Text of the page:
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A prison, also known as a correctional facility, jail, gaol (dated, British English), penitentiary (American English), detention center (American English) or remand center is a facility in which inmates are forcibly confined and denied a variety of freedoms under the authority of the state. Prisons are most commonly used within a criminal justice system: people charged with crimes may be imprisoned until they are brought to trial; those pleading or being found guilty of crimes at trial may be sentenced to a specified period of imprisonment. Besides their use for punishing crimes, jails and prisons are frequently used by authoritarian regimes against perceived opponents.
In American English, prison and jail are often treated as having separate definitions. The term prison or penitentiary tends to describe institutions that incarcerate people for longer periods of time, such as many years, and are operated by the state or federal governments. The term jail tends to describe institutions for confining people for shorter periods of time (e.g. for shorter sentences or pre-trial detention) and are usually operated by local governments. Outside of North America, prison and jail have the same meaning.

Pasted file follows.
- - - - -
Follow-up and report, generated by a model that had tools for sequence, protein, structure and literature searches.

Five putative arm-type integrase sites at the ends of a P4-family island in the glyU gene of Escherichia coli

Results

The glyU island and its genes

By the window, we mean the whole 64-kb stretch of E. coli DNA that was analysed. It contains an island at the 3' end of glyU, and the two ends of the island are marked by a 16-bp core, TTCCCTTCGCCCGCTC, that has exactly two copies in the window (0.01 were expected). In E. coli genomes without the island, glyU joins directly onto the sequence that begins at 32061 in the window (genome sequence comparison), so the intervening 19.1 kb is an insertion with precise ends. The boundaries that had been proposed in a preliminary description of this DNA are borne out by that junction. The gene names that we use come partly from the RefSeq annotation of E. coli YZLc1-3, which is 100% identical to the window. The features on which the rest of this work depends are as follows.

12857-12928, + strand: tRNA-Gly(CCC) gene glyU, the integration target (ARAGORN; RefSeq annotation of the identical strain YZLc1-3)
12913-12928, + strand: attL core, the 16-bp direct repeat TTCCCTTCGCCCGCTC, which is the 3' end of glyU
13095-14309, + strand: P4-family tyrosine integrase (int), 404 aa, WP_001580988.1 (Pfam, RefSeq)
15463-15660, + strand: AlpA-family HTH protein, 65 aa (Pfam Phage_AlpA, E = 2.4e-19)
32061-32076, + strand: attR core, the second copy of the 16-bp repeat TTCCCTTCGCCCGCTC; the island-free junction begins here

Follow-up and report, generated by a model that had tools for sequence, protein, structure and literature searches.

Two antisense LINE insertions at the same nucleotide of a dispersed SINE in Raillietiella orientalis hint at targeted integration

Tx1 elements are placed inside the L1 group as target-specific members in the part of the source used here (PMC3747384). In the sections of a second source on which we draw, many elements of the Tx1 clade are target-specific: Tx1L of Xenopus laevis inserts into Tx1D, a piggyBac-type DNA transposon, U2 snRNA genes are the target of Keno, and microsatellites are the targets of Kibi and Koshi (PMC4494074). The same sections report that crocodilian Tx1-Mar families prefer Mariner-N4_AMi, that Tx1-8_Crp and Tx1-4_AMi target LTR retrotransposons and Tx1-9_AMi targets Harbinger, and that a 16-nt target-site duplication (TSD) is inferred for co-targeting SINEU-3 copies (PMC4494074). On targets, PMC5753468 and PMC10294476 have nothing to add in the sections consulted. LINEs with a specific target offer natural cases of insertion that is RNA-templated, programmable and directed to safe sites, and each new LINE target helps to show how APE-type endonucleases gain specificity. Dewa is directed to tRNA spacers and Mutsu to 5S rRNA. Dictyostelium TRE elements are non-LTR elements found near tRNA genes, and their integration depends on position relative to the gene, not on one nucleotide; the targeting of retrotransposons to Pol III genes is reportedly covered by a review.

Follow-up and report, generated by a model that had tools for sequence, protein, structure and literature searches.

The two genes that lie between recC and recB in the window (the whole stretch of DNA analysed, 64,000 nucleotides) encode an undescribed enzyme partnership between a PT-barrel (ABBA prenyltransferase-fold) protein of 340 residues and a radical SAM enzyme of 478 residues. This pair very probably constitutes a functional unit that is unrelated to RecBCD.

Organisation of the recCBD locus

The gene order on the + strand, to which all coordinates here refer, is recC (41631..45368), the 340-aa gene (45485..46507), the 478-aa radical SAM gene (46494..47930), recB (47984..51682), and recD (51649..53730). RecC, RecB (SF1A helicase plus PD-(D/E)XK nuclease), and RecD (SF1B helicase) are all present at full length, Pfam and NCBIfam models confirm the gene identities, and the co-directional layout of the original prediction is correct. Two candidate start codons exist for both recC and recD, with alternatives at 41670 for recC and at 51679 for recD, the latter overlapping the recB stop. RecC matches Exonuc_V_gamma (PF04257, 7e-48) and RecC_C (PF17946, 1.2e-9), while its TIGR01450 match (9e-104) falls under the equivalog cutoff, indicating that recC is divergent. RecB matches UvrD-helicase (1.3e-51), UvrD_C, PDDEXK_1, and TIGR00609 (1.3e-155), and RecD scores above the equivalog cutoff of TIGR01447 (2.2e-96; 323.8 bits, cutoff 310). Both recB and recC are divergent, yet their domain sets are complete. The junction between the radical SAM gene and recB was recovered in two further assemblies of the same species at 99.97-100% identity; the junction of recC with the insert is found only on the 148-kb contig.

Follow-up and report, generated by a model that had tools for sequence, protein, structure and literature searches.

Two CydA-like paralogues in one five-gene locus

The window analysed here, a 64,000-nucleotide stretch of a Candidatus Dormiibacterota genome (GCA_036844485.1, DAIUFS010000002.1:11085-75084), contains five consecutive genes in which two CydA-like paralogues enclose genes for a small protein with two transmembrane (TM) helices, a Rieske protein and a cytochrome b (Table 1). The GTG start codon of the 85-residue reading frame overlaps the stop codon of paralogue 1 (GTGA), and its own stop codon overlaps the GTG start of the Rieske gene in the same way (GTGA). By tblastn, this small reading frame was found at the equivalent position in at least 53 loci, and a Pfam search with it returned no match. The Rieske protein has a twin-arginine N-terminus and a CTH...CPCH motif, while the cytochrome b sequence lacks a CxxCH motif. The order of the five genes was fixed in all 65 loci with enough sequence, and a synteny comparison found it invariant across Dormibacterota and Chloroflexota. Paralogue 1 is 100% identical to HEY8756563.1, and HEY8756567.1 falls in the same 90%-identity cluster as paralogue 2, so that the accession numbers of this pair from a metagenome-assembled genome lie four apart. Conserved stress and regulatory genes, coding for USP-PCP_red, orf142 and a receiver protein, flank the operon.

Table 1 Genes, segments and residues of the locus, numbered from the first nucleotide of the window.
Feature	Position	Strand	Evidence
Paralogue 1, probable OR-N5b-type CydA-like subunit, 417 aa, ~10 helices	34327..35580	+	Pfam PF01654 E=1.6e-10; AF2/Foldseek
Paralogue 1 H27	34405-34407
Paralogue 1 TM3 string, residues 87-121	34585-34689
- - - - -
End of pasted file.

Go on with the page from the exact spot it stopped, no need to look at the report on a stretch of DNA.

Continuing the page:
Prisons can be used as a tool of political repression to punish what are deemed political crimes, often without trial or other legal due process; this use is illegal under most forms of international law governing fair administration of justice. In times of war, prisoners of war or detainees may be detained in military prisons or prisoner of war camps, and large groups of civilians might be imprisoned in internment camps.
Common slang terms for prison include: "stir", "the pokey", "the slammer", "the clink", "the joint", "the calaboose", "the hoosegow", "the big house", and "up the river" (a possible reference to Sing Sing).